Maruti’s desire to be spoiled by higher costs
Maruti Suzuki India Ltd started FY23 on a boring note. Sales volumes in April fell 6% year-on-year (yoy), which was worse than expected.
The semiconductor shortage, due to which the automaker was unable to produce about 270,000 units in FY22, would have a slight impact on production in FY23, the company said. company during the March quarter earnings call (Q4FY22). Lower production, low margin (at 6.5%) and higher working capital resulted in negative free cash flow in FY22.
However, demand is healthy, as evidenced by the current backlog of over 320,000 units, an increase from 268,000 units at the end of the fourth quarter. It also reflects to some extent underproduction due to supply constraints.
“Despite rising vehicle and fuel prices driving up the cost of ownership, we see a low risk of deterioration in passenger vehicle (PV) demand. Historically, demand has shown a much higher correlation with gross domestic product growth than with cost of ownership,” Jefferies India analysts said in an April 29 report.
Maruti’s fourth-quarter standalone revenue increased 11% year-on-year to ₹26,740 crore, due to price increases and lower discounts as volumes declined 0.7% year-on-year. Better operating leverage led to a year-on-year and sequential increase in Ebitda margin of 79 basis points (bps) and 237 bps respectively to 9.1%, beating Bloomberg’s estimate of 8.2 %. One basis point equals 0.01%. Stable commodity prices also contributed to the sequential margin increase.
It remains to be seen whether margins can stay at these levels given the cost pressures. “Exports have supported Maruti Suzuki’s margins and as such, increasing export share would be key going forward,” said Varun Baxi, analyst at Nirmal Bang Equities. Maruti’s exports in FY22 were 14% of total volumes, compared to 7% in FY21. The company’s total volume was 1,652,653 units in FY22.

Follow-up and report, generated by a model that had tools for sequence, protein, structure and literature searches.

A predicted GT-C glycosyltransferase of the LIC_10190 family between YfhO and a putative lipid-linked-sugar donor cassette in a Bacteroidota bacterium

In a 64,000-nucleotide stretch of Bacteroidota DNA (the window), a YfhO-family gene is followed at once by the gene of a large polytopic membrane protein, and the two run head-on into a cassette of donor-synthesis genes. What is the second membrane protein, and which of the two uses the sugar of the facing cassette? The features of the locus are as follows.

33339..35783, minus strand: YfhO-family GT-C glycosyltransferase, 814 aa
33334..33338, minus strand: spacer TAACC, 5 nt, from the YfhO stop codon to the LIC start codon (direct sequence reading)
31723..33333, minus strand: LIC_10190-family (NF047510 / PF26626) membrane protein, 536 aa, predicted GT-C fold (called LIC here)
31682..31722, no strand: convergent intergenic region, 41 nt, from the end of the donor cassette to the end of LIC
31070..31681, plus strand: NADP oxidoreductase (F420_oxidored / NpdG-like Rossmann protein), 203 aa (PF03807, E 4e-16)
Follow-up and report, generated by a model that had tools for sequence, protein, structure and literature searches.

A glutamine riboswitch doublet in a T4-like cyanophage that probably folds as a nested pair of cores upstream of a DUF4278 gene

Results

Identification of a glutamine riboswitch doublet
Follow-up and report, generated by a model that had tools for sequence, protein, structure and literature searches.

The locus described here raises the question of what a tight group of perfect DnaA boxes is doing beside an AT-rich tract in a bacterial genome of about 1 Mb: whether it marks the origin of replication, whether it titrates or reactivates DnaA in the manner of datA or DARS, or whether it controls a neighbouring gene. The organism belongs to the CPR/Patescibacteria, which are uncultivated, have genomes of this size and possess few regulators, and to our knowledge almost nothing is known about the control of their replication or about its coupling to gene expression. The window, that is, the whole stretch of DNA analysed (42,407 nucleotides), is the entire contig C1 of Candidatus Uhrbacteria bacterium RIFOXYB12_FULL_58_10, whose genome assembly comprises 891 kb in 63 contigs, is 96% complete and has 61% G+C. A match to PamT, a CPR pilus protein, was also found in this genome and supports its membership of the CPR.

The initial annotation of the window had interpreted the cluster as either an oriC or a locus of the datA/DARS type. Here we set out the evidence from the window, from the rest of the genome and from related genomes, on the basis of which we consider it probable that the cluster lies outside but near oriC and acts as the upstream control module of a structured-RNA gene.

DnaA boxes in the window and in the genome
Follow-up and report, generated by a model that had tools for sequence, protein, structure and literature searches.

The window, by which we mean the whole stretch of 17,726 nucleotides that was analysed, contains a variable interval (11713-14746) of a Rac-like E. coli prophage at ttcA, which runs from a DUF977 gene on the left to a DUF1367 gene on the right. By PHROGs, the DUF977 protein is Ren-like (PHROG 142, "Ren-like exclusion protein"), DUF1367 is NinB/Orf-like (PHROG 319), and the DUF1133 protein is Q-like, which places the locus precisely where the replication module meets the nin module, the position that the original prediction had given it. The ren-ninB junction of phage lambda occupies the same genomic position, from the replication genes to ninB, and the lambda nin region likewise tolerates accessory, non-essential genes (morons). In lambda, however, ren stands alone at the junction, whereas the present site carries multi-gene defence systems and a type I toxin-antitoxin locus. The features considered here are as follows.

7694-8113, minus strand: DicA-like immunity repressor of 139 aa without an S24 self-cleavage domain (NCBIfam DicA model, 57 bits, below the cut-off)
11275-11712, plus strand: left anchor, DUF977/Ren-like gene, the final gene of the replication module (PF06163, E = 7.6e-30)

Maruti expects costs to rise in Q1FY23. Management noted that precious metal prices are cooling but steel price concerns remain.
Against this backdrop, margins are expected to fall in the first half of FY23, followed by a recovery in the second half of FY23.
Meanwhile, higher fuel prices have led to a growing preference for compressed natural gas (CNG) vehicles. Up to 40% of pending orders are for CNG vehicles.
Maruti shares are trading at 23.9 times its estimated FY24 earnings, which is inexpensive relative to its growth potential, said Aniket Mhatre, institutional research analyst, HDFC Securities. Admittedly, the loss of market share in the PV segment is worrying. “The company is likely to regain its previous market share of 50% in PV, up from 44% currently, thanks to a strong product pipeline that would help revalue the stock,” Mhatre said.